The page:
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Hello Everyone!  I realized yesterday that there are some people who follow my blog who would have no other way of knowing about my journey with 4K For Cancer this summer.  To those people I apologize; I have been focusing on talking with people in person and I forgot those who follow TINEIS!  So let me tell you about my journey 🙂

UCF Logo4K For Cancer is a cross-country bike ride dedicated to supporting young adults with cancer.  This summer I will begin in Baltimore, MD and cycle to Seattle, WA alongside 30 other students and recent graduates.  Our mission is to spread awareness about young adults cancer, to raise funds that will support cancer patients and their families, and to foster hope and create connections among members of the cancer community.

Each of us is required to raise at least $4,500 as part of the program, but I am aiming to raise $7,500 for the Ulman Cancer Fund for Young Adults.  The organization runs a number of programs that specifically target young adults ranging from 15 to 40 years of age.  Young adults struggle with cancer in a way unique to the age group.  They are diagnosed at a rate 8 times that of children.  Lack of adequate insurance, whether it be uninsured or underinsured, is highest among young adults.  This leads to dangerous delays in diagnosis and treatment that can have life-threatening consequences.  In fact, the gap in survival rates between young adults and other age groups is increasing:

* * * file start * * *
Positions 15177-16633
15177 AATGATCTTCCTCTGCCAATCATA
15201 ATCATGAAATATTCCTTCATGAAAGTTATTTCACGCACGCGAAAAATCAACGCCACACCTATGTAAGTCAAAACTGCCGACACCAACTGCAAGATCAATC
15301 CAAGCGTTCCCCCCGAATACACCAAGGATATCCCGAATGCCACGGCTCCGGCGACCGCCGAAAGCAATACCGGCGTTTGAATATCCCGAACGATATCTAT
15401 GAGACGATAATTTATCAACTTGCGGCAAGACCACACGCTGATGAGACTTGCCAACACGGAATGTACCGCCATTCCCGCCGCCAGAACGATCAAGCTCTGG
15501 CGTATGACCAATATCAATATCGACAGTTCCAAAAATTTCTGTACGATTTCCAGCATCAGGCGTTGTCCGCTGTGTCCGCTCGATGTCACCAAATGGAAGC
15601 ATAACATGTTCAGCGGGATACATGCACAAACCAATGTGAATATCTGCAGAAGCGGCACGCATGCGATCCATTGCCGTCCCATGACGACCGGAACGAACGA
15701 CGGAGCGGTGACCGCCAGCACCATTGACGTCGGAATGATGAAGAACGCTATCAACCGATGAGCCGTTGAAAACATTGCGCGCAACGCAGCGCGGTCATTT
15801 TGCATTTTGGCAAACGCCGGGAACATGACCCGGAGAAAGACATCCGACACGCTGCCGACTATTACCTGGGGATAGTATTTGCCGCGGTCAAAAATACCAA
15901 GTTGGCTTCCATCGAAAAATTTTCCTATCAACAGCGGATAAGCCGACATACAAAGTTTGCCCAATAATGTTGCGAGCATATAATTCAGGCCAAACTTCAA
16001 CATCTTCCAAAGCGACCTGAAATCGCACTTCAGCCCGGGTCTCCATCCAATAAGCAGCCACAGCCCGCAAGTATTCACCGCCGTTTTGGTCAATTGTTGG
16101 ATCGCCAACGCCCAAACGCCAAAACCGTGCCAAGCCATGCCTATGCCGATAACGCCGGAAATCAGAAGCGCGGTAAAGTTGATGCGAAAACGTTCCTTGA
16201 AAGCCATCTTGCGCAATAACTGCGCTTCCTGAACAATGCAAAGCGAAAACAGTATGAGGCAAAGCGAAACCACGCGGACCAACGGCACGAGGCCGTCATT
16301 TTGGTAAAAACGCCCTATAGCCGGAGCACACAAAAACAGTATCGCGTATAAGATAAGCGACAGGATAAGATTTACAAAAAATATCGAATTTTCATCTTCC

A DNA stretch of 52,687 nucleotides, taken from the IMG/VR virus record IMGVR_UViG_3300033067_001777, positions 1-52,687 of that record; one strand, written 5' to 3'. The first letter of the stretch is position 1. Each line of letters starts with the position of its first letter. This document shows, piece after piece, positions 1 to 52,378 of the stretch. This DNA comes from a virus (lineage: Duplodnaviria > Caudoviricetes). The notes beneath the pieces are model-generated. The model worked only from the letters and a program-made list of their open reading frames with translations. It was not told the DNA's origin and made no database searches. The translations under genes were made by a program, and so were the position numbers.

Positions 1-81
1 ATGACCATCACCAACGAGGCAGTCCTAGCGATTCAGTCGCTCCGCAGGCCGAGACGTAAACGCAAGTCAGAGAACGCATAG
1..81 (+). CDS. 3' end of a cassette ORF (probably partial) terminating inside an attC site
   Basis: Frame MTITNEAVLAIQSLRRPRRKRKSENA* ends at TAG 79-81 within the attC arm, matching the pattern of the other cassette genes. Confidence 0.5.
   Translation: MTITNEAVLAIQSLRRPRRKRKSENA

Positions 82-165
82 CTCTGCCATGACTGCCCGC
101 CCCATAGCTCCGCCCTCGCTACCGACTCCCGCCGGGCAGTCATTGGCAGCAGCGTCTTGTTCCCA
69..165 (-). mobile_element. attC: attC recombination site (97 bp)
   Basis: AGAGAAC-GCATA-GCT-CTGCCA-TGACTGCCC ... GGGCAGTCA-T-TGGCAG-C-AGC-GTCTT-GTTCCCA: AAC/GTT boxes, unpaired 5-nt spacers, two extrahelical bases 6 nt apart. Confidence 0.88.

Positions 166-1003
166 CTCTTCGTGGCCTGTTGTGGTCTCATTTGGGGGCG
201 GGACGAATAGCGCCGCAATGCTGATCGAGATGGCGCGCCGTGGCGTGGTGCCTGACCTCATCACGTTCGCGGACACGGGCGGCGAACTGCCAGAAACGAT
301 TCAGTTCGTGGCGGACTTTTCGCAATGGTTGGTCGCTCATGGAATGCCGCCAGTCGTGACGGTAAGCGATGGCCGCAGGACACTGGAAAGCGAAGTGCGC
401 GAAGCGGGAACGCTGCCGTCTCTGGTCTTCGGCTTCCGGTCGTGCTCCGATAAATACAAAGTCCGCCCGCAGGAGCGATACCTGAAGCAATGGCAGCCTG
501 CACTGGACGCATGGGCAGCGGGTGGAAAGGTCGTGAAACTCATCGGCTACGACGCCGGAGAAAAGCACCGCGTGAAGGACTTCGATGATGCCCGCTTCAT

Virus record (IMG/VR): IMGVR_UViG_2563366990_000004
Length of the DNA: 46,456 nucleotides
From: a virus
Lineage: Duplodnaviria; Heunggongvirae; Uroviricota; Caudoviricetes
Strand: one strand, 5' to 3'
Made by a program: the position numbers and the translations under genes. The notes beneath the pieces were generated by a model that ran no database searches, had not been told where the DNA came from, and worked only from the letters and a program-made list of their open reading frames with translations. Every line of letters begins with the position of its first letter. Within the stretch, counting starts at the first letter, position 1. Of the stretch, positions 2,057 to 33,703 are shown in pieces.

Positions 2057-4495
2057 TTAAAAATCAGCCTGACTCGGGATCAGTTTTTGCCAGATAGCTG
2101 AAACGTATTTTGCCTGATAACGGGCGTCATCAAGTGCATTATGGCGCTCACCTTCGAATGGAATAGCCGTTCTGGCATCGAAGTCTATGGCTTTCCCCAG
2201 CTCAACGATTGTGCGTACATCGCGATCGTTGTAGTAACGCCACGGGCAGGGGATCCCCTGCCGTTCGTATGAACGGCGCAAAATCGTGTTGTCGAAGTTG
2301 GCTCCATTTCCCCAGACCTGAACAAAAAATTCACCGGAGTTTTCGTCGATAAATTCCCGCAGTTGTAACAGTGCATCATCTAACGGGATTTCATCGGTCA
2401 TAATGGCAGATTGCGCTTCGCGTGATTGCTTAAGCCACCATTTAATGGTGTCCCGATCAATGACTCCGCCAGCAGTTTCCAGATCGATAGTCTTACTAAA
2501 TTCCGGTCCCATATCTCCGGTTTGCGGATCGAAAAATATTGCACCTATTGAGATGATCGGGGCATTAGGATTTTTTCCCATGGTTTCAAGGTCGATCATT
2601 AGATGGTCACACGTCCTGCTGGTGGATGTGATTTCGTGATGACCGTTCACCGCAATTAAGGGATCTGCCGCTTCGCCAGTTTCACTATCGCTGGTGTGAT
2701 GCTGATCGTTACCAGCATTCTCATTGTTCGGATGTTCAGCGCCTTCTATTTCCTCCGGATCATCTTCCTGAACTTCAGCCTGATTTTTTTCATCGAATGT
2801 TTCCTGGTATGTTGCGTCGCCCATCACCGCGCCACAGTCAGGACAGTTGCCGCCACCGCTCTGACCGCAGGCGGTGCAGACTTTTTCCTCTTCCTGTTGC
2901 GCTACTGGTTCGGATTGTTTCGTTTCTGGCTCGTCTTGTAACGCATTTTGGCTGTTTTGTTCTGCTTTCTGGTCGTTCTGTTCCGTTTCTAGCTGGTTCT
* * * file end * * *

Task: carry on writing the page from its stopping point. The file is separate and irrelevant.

The strides that have served to make cancer a chronic disease for many have generally bypassed young adults. Today, cancer is the leading disease killer among 20 to 39 year olds. While both younger and older patients are seeing improvements in survival rates, the rates for young adults have improved far less, and the gap is worsening. As a result of this lack of progress in survival improvement since 1975, young adults diagnosed with cancer today have a worse prognosis than those diagnosed 25 years ago.

I joined the 4K because I love cycling and I am intimately connected with the cancer community.  My grandfather, Milton Kendrick, was diagnosed with lung cancer in 2000 and struggled painfully for four years before passing away in 2004.  Those years were the hardest of my life.  I was dealing with the changes of my early teen years, struggling with the health of Poppop, and watching our family’s security and stability crumble.  Although he was in his 70s, in some ways Poppop’s story was much like that of many young adults: he was underinsured, lacked financial security, and had a limited network of support.  Above all else, I ride for him.

The 4K is going to be a long and strenuous journey, but I am so excited to be dedicating my summer to supporting young adults with cancer.  Please, help me in my quest to raise $7,500 for the Ulman Cancer Fund by visiting my donation page and making a small donation.  Every little bit counts!

Check out this video about the Ulman Cancer Fund:


5 ways you can help:

  1. Make a donation.  Every little bit helps!
  2. Spread the word!  Tell people about what I am doing and why I am doing it! Join my Facebook group.
  3. If you know a survivor or someone currently in treatment, ask them if they would like to participate in the Pedal Pals program.
  4. Learn about cancer’s affect on young adults.
  5. Volunteer with the Ulman Cancer Fund or similar organizations.